How late is too late to start training for a run? Should we be smashing a bowl of pasta the night before a race? Where do we even BEGIN to start training? Yep, we have plenty of questions when it comes to anything running related. So we decided to ask an expert, running coach Ryan Mannix, to share his best tips on preparing for a big race.
Structure your training
The biggest mistake that people often make when training for a race is lack of structure and therefore consistency. Finding a program or some training structure to base your week around is key to staying consistent.
Without structure, it’s too easy to skip days and miss sessions when the week gets a little busy. But with structure, you plan the day around the training so that it gets done. Training is a slow burn. You need to be consistent over many weeks in order to get the fitness adaptations and therefore run easier and faster.
With a lack of structure, some runners will try and cram as many sessions as they can in the last couple of weeks before the race and therefore either get injured or too tired to race. So stay consistent and have a plan of attack for the week.
Mix it up
Depending again on the distance and or level of runner, I would still say there for everyone, there are some key ingredients in a week of running:
The long run. Just an easy pace that is comfortable to hold a conversation. If you are starting out, this might be a walk/ run. If you have been running for a while it might be a continuous run for 60-90 minutes.
It’s important to build up some tolerance to weight baring activity and also important in building aerobic fitness.
Some interval training. This might include some hill reputations, some faster running for a short period or some faster laps of a track. Interval training is a great way to get you moving quicker and smoother and at the same time help improve the top end fitness. Things like hill runs can also be great for building strength. It doesn’t have to be many repetitions, perhaps only 4-8 faster runs after a warm up is sufficient.
A negative split run. Here you are trying to finish your run faster than you started. So you might run out for 20 minutes and back in 18 minutes for example. This not only helps with getting pacing right, but also gives you a mental edge in finishing strong.
Ideally the training should be evenly spread throughout the week. Rather than just run three days consecutive and then the rest of the week off. It will give you a chance to recover and get the most benefit.
You can also add in some sessions like yoga, which is great for lengthening muscles and staying mobile and some strength training, which will help reduce injury and maintain good running form.
RELATED: Why All Runners Should Also Do Yoga
Don’t try to play catch up
Depending on how far the race is and how long you have been running for prior, I’d say the minimum would be 6 weeks. If its a longer run, like a half marathon, you would probably look at wanting at least 10 weeks.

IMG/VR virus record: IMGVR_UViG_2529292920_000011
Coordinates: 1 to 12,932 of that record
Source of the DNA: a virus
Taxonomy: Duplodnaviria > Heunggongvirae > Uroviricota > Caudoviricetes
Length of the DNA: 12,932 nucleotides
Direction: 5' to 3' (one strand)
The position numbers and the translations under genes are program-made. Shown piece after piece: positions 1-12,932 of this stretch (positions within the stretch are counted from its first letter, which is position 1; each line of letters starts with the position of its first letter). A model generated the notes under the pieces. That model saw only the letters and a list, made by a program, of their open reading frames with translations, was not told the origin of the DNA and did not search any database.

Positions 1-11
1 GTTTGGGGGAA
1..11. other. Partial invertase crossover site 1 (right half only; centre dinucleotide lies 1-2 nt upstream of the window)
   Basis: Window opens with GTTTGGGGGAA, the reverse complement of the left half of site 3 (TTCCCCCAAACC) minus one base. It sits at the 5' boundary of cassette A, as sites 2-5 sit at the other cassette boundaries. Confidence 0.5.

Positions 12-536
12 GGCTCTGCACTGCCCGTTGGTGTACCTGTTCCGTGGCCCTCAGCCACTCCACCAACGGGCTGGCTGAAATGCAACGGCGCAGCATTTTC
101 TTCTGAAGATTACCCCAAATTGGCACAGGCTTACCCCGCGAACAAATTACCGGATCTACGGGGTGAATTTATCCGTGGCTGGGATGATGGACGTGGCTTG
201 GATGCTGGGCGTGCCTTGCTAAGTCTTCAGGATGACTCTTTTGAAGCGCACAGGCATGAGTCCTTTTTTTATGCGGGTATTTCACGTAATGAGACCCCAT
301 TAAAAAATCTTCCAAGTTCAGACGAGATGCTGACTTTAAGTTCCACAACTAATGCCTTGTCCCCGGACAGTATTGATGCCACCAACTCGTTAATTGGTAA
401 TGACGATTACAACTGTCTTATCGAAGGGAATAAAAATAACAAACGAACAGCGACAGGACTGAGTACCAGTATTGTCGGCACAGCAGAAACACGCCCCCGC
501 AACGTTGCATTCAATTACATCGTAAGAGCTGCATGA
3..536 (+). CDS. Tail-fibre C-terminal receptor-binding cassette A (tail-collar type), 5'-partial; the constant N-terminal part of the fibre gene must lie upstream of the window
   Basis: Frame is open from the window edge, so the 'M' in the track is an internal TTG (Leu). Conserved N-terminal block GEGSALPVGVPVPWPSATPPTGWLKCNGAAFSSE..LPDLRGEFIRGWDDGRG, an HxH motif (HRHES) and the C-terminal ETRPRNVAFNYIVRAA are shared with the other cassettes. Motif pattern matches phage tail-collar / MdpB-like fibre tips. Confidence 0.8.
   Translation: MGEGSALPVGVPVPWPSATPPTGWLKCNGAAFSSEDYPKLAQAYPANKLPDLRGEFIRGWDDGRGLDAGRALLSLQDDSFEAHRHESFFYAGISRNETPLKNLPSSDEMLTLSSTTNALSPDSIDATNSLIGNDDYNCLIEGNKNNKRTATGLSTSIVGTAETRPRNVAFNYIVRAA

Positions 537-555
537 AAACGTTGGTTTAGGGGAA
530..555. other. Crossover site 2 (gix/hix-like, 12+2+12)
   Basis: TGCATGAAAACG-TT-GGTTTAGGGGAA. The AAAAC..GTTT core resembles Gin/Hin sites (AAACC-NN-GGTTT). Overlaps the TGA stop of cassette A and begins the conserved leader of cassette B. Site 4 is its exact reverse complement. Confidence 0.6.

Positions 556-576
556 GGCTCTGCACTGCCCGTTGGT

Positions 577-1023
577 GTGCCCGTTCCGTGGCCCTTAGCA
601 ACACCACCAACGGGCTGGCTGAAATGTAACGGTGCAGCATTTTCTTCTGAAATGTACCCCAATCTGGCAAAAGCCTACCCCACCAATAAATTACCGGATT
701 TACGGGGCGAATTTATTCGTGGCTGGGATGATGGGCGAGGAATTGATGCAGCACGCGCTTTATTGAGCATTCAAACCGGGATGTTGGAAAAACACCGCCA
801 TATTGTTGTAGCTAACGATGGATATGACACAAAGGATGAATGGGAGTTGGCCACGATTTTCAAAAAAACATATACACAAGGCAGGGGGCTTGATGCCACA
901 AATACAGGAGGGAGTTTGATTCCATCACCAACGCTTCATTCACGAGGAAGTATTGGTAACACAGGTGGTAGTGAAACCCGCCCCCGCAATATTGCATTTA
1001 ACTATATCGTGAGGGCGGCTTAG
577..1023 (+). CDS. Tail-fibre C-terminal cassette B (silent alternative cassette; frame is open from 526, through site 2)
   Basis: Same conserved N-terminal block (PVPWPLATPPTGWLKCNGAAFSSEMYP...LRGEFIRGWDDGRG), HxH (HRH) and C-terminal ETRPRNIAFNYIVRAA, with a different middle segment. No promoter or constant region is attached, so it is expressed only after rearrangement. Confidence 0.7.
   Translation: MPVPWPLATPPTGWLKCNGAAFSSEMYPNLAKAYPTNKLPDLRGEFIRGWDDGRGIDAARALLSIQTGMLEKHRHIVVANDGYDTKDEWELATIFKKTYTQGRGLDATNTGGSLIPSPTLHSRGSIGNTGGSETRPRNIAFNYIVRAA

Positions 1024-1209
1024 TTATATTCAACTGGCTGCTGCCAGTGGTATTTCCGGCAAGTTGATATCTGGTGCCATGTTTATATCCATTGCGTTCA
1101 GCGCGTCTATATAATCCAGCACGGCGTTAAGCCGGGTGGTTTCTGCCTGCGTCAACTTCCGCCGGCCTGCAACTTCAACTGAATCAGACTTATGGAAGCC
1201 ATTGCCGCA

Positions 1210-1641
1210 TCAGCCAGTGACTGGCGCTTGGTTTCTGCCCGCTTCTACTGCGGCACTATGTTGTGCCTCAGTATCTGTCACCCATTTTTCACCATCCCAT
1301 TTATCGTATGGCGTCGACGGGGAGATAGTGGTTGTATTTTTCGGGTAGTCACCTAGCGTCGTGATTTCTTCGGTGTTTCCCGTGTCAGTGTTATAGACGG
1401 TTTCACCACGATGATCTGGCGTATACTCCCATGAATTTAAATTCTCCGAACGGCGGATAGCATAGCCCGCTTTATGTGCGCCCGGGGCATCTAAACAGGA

Just remember, if you are starting a little later than expected, don’t be in a rush to catch up to those that may have started training weeks ago. Do your best to run a few times per week and at least get comfortable running and build up some tolerance so that you don’t feel sore after every run. This only takes a couple of weeks.
Fuel (and refuel) properly
This is a topic that has a wide range of opinions and views. I always say to keep it simple. The week leading into the race, you should try to eat foods that are already a part of your diet, rather than to experiment with different foods.
The night before a race, don’t get stuck in the mindset that you have to eat a huge bowl of pasta. This will only leave you waking up feeling heavy and lethargic. Eat something that doesn’t leave you feeling too full. A meal that contains carbohydrate, protein and some vegetables or salad is a good choice.
Before the race, you don’t want to have anything again too heavy. I like to eat a banana or something light at least two hours before the race, so that its digested when I start. Staying hydrated before the race is also something to keep in mind. So keep sipping water right up to the start.
After the race, it’s good to eat something within 45 minutes of finishing. Depending on how far the race has been and how you are feeling, eating some fruit soon after and again rehydrating is key. Waiting until you get to the cafe, order and then eat, is probably to long a time. So having a snack is a good practice for recovery. Make sure you head over to the recovery tent and get some cut fruit and liquids after the race.
Ryan is a ‘running coach’ for Run Melbourne presented by lululemon, taking place on Sunday 29 July. The event includes a Runners World Half-Marathon, a Bulk Nutrients 10km run and a 5km run. To register or for more info, visit www.runmelbourne.com.au.